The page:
Rules for U.S. Residents and Nonresidents

Some additional rules related to sourcing for both U.S. residents and nonresidents have to do with sales through offices or fixed places of business. The QBI rules state that qualified trade or business income must be effectively connected with a U.S. trade or business to determine eligibility for the QBI deduction.

  • For U.S. residents who maintain an office or other place of business in a foreign country, and with income that does not qualify for an exception (exceptions are sales of inventory, recovery of depreciation, contingent sales of intangible property, sales of good will, or sales of affiliated foreign stock), sales of personal property attributable to an office or other fixed place of business will be foreign source income. A further requirement to meet the exception is that the income is subject to tax equal to 10 percent and actually paid to a foreign country.
  • For nonresidents who maintain an office or fixed place of business in the U.S., income from any sale of personal property (including inventory) attributable to the office shall be U.S. source income. This scenario overrides all the sourcing rules above. The only exception for this rule is if the nonresident sells inventory property for use, disposition, or consumption outside of the U.S. and has an office in a foreign country that materially participated in the sale. However, double taxation treaties may mitigate the U.S. tax impact of this rule. This exception also applies to U.S. persons for purposes of determining the QBI deduction.

The QBI deduction applies at the individual or shareholder level. With respect to partnership and S corporations, the character and source of the income, determined at the entity level, carries over to the partners or shareholders in their distributive share of the flow-through income. However, the sourcing of the underlying income of the partnership or S corporation’s foreign operations will solely depend on the source of income based on the classifications listed above.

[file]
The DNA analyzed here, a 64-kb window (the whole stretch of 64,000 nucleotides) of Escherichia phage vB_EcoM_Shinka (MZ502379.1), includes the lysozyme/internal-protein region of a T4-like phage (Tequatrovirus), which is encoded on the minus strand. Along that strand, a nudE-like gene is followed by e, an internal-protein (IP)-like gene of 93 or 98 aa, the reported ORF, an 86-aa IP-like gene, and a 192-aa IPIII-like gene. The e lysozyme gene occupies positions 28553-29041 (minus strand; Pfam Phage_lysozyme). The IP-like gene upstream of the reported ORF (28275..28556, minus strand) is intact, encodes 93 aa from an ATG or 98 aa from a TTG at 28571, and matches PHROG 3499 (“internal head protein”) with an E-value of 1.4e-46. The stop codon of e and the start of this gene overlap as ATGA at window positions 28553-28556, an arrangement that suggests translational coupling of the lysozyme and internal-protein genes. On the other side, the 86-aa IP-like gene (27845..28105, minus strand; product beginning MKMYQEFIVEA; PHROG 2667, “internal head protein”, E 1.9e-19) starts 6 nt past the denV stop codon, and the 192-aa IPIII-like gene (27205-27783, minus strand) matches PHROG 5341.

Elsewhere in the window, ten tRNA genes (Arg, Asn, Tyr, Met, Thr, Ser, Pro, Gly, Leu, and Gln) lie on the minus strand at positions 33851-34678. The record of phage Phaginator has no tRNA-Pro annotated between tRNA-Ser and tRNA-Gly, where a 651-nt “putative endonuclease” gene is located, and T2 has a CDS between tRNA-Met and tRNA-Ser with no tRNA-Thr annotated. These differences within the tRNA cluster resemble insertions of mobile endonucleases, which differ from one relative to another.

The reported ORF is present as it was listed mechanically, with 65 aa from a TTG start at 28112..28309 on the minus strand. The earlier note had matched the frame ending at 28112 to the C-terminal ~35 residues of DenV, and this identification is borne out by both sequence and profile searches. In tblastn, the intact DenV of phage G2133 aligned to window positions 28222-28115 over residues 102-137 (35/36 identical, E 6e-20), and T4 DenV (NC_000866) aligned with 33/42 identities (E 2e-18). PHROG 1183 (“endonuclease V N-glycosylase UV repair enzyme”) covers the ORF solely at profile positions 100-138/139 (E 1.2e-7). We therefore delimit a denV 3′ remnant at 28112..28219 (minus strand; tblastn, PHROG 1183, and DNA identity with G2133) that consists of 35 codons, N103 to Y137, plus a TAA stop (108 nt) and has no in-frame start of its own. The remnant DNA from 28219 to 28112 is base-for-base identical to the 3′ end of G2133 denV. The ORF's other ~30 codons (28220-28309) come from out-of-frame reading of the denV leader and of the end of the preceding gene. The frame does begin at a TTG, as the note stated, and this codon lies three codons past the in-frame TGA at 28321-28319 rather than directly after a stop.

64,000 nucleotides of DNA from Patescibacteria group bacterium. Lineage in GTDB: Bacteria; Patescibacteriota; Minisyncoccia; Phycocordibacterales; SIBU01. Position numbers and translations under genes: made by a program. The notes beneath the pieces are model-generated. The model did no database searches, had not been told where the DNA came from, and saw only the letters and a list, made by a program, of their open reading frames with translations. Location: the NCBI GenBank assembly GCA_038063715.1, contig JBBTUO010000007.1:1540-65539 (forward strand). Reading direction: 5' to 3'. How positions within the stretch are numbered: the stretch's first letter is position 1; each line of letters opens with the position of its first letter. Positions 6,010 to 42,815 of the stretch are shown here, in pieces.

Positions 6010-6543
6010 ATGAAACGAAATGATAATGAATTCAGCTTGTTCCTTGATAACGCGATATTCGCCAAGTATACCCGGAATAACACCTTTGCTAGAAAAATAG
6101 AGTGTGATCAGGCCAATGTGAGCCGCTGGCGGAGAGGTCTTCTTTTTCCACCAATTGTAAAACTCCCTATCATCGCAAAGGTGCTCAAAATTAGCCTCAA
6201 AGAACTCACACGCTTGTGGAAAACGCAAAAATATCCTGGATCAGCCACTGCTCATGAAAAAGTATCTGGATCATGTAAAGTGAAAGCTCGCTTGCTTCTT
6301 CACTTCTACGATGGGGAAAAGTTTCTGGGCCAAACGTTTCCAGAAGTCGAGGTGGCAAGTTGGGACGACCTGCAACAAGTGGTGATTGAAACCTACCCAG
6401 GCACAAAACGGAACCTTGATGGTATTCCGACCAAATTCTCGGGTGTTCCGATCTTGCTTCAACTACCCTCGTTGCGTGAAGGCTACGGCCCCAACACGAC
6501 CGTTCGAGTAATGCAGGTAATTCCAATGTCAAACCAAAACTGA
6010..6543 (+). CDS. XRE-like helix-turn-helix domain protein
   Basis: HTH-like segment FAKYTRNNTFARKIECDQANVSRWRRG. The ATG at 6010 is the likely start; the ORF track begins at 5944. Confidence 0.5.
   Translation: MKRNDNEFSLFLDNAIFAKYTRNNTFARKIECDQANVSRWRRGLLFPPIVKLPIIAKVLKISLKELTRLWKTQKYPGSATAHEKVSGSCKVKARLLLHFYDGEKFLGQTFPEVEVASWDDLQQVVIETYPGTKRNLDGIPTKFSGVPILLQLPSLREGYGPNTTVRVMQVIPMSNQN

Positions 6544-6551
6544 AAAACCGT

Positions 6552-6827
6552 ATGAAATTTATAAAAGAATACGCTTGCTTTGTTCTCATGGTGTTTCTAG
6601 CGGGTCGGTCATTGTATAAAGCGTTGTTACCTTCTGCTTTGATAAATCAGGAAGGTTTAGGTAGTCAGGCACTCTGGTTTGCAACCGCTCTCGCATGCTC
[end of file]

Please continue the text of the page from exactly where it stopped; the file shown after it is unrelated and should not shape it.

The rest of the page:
Prior to TCJA, taxpayers were typically incentivized to treat as much income as possible as a foreign source to maximize available foreign tax credits as a way to offset residual U.S. income taxation. However, under the new rules, QBI does not generally include foreign source income. As a result, taxpayers may need to revisit the sourcing treatment of income to maximize the QBI deduction. Please reach out to your KSM advisor if you have any additional questions.

About the Author
Katherine Malarsky is a director in Katz, Sapper & Miller's Tax Services Group. Katherine’s focus includes analytical research and technical review of tax issues. Additionally, she assists companies and individuals in navigating the complexities of doing business abroad. Connect with her on LinkedIn.

 

About the Author
Laura Gualdoni is a manager in Katz, Sapper & Miller’s Tax Services Group. Laura advises the firm’s international clients on tax compliance, income tax provisions, and provides general business consulting. Connect with her on LinkedIn.